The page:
To encourage greater usage, should ZEV buy incentives be made part of the sales deal?

In the more than a-year-and-a-quarter’s time since I began blogging on air quality, cars have not been a hot-ticket item for me. In other words, in the big-picture perspective, I haven’t given autos their due like I have trains. So, today, for the auto I thought I would dedicate space.

‘Charge Ahead California’ campaign hits the road

On Nov. 18, 2013 Peter Lehner of the Natural Resources Defense Council (NRDC) posted on the Switchboard, his blog: “Electric Vehicles Approach Tipping Point.” Lehner observed: “When the latest generation of plug-in electric cars hit the mass market three years ago, they evoked the same mix of reactions as hybrids did: enthusiasm, curiosity, and some skepticism. However, they’re selling at more than twice the rate at which the first widely available hybrids left dealers’ lots.”

Now, as it has to do with the air and its improvement, I ask: Should incentives be part of the overall package when purchasing zero-emissions vehicles (ZEV), more so than when purchasing less environmentally benign vehicles, that is, to encourage greater usage of such? My answer is: Yes! I’ll explain.

It so happens, four days earlier, the NRDC put out its “Charge Ahead California Launches Campaign: Diverse coalition aims to put one million electric cars, trucks and buses on California’s roads” press release.

Over what length of time, though?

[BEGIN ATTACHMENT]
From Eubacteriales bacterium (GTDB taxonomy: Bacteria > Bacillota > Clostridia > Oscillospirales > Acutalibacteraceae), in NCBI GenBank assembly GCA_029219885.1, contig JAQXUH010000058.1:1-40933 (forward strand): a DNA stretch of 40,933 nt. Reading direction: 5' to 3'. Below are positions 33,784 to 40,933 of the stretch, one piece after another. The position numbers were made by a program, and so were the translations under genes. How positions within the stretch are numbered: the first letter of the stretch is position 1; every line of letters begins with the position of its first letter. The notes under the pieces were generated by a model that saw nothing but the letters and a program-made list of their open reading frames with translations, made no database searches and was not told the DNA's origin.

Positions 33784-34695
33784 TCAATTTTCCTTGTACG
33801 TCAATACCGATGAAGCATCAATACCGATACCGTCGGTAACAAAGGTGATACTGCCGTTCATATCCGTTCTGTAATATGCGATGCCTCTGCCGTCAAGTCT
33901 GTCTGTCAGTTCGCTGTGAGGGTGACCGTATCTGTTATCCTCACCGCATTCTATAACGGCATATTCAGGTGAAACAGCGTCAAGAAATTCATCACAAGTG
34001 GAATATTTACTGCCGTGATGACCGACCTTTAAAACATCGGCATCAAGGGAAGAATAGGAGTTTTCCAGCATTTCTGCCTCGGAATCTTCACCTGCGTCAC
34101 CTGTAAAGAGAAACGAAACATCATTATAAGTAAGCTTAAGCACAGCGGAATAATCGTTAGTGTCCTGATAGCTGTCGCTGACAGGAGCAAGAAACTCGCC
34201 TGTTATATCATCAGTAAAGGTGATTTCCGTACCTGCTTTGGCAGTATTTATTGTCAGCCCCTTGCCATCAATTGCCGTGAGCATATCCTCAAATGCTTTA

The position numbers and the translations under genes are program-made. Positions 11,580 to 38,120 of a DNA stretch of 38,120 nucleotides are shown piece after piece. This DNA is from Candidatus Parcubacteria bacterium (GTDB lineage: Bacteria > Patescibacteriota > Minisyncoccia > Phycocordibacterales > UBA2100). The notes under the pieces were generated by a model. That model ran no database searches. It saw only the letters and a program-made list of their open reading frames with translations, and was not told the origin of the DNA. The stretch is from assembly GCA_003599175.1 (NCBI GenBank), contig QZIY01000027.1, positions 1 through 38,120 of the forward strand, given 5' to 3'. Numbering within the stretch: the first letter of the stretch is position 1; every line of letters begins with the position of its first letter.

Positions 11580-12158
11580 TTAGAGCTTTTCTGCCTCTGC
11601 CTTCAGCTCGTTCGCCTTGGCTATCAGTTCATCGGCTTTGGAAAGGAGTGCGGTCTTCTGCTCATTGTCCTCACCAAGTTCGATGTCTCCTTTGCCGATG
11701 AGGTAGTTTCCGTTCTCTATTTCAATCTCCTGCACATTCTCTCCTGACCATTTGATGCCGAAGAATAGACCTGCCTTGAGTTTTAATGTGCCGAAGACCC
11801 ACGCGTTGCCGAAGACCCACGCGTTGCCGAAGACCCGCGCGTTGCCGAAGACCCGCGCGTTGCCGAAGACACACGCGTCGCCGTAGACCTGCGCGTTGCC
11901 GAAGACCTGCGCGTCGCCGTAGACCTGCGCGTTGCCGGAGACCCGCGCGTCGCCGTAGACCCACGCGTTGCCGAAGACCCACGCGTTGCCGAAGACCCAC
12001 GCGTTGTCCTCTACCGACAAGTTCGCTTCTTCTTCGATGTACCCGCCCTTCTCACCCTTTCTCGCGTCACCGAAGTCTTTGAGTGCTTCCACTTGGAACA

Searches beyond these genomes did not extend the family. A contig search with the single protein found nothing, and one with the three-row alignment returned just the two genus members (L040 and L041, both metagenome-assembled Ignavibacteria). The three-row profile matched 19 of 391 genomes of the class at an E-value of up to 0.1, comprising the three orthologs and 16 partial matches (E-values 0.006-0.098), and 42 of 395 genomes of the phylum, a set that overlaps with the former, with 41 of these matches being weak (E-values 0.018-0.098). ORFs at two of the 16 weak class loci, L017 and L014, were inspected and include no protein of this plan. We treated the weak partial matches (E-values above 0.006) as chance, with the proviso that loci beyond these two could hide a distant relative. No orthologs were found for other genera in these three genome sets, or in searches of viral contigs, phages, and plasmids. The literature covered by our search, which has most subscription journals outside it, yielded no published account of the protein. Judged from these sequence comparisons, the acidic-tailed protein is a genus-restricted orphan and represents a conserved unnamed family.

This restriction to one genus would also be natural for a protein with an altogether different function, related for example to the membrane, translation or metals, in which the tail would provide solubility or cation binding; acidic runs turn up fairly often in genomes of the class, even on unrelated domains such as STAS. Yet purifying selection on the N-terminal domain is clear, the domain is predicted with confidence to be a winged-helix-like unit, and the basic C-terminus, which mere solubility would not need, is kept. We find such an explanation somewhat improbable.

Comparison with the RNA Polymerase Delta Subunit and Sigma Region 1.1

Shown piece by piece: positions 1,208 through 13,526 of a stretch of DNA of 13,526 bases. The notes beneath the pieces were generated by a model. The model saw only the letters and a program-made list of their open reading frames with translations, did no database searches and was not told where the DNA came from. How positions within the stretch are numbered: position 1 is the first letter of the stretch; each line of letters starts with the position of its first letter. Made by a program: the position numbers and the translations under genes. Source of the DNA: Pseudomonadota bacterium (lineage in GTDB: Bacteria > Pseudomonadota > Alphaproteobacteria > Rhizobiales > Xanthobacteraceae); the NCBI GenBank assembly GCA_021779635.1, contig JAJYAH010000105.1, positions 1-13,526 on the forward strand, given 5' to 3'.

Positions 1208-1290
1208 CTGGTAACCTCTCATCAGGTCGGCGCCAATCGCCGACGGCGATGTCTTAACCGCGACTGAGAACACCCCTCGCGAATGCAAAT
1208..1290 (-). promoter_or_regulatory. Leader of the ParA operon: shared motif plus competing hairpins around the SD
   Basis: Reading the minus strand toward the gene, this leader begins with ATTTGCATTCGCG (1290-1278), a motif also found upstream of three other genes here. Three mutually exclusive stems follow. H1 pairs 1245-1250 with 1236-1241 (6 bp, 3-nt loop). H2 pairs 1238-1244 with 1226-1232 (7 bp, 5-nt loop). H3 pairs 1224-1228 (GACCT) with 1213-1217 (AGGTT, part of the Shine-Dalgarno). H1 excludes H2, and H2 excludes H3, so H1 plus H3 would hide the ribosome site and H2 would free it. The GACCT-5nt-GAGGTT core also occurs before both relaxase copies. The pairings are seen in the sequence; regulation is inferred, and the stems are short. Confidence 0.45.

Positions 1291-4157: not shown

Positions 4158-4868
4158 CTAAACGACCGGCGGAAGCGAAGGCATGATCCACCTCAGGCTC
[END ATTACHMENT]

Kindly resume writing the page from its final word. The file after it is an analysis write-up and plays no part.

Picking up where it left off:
The answer? Inside 10 years, lowering pollution levels, adding legions of new workers, helping keep in the state more money coming from transportation and, in turn, giving the economy a boost, this according to information presented in the release in question.

And as to the matter of incentivization, “The campaign will focus on directing current polluter fees on oil companies to fund existing, highly successful purchase incentive programs and to increase access to zero emission transportation in disadvantaged communities,” offered the NRDC.

Meanwhile, Lehner added: “California is part of an eight-state coalition, including Connecticut, Maryland, Massachusetts, New York, Oregon, Rhode Island and Vermont, which recently agreed to work together to get 3.3 million electric vehicles on the road by 2025. And the recently signed Pacific Coast Climate Action plan, issued by the governors of California, Washington, and Oregon, and the premier of British Columbia, also calls for scaling up electric vehicle sales.”

In case there is any uncertainty at all as to why the push for increased electric vehicle operation, the reason isn’t difficult to understand at all: zero-emissions vehicles as the name suggests are the cleanest road-based power vehicles going.